Palmerini et al (2012) compared the risk of thrombosis between BMS and DES.  For this network meta-analysis, RCTs comparing different DES, or DES with BMS currently approved in the United States were identified through Medline, Embase, Cochrane databases, and proceedings of international meetings.  Information about study design, inclusion and exclusion criteria, sample characteristics, and clinical outcomes was extracted.  A total of 49 trials including 50,844 patients randomly assigned to treatment groups were analysed.  One-year definite stent thrombosis was significantly lower with cobalt-chromium everolimus eluting stents (CoCr-EES) than with BMS (odds ratio [OR] 0.23, 95 % CI: 0.13 to 0.41).  The significant difference in stent thrombosis between CoCr-EES and BMS was evident as early as 30 days (OR 0.21, 95 % CI: 0.11 to 0.42) and was also significant between 31 days and 1 year (OR 0.27, 95 % CI: 0.08 to 0.74).  CoCr-EES were also associated with significantly lower rates of 1-year definite stent thrombosis compared with paclitaxel-eluting stents (OR 0.28, 95 % CI: 0.16 to 0.48), permanent polymer-based sirolimus-eluting stents (OR 0.41, 95 % CI: 0.24 to 0.70), phosphorylcholine-based zotarolimus-eluting stents (OR 0.21, 95 % CI: 0.10 to 0.44), and Resolute zotarolimus-eluting stents (OR 0.14, 95 % CI: 0.03 to 0.47).  At 2-year follow-up, CoCr-EES were still associated with significantly lower rates of definite stent thrombosis than were BMS (OR 0.35, 95 % CI: 0.17 to 0.69) and paclitaxel-eluting stents (OR 0.34, 95 % CI: 0.19 to 0.62).  No other DES had lower definite thrombosis rates compared with BMS at 2-year follow-up.  The authors concluded that in RCTs completed to date, CoCr-EES has the lowest rate of stent thrombosis within 2 years of implantation.  The finding that CoCr-EES also reduced stent thrombosis compared with BMS, if confirmed in future RCTs, represents a paradigm shift.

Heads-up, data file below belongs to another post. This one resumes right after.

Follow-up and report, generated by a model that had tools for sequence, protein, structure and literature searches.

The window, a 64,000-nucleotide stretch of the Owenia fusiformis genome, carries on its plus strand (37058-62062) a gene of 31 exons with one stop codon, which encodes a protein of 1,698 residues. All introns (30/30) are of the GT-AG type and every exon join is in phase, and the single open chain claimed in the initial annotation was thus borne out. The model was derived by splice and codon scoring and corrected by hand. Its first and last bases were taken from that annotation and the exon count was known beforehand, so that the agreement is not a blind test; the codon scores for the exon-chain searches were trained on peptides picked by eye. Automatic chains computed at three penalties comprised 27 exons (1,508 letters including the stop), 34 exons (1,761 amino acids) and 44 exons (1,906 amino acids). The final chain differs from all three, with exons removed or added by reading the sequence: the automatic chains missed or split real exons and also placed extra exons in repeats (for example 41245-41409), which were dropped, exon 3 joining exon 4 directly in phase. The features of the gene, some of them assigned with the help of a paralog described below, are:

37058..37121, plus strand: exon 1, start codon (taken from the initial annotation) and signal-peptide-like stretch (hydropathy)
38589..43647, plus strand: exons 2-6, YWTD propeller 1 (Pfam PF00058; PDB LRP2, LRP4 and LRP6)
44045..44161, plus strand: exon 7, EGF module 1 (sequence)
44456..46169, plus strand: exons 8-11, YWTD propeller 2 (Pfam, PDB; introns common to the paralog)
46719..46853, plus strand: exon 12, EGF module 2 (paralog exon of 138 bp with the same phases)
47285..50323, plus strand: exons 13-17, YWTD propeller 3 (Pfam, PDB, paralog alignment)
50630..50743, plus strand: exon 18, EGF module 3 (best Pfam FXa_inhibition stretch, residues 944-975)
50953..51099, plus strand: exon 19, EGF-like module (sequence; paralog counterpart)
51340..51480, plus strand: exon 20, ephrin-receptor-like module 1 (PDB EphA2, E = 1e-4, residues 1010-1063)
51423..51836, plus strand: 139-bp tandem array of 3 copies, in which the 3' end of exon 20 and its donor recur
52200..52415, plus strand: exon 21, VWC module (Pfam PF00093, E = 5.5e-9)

De Luca and colleagues (2012) performed a meta-analysis using individual patient data to evaluate the long-term safety and effectiveness of DES compared with BMS in patients undergoing primary PCI for STEMI.  Formal searches of electronic databases (MEDLINE and CENTRAL) and scientific session presentations from January 2000 to June 2011 were carried out.  These investigators examined all completed randomized trials of DES for STEMI.  Individual patient data were obtained from 11 of 13 trials identified, including a total of 6,298 patients (3,980 [63.2 %] randomized to DES [99 % sirolimus-eluting or paclitaxel-eluting stents] and 2,318 [36.8 %] randomized to BMS).  At long-term follow-up (mean [SD], 1,201 [440] days), DES implantation significantly reduced the occurrence of TVR (12.7 % versus 20.1 %; hazard ratio [95 % CI], 0.57 [0.50 to 0.66]; p < 0.001, p value for heterogeneity, 0.20), without any significant difference in terms of mortality, re-infarction, and stent thrombosis.  However, DES implantation was associated with an increased risk of very late stent thrombosis and re-infarction.  The authors concluded that the present pooled patient-level meta-analysis demonstrated that among patients with STEMI undergoing primary PCI, sirolimus-eluting and paclitaxel-eluting stents compared with BMS are associated with a significant reduction in TVR at long-term follow-up.  Although there were no differences in cumulative mortality, re-infarction, or stent thrombosis, the incidence of very late re-infarction and stent thrombosis was increased with these DES.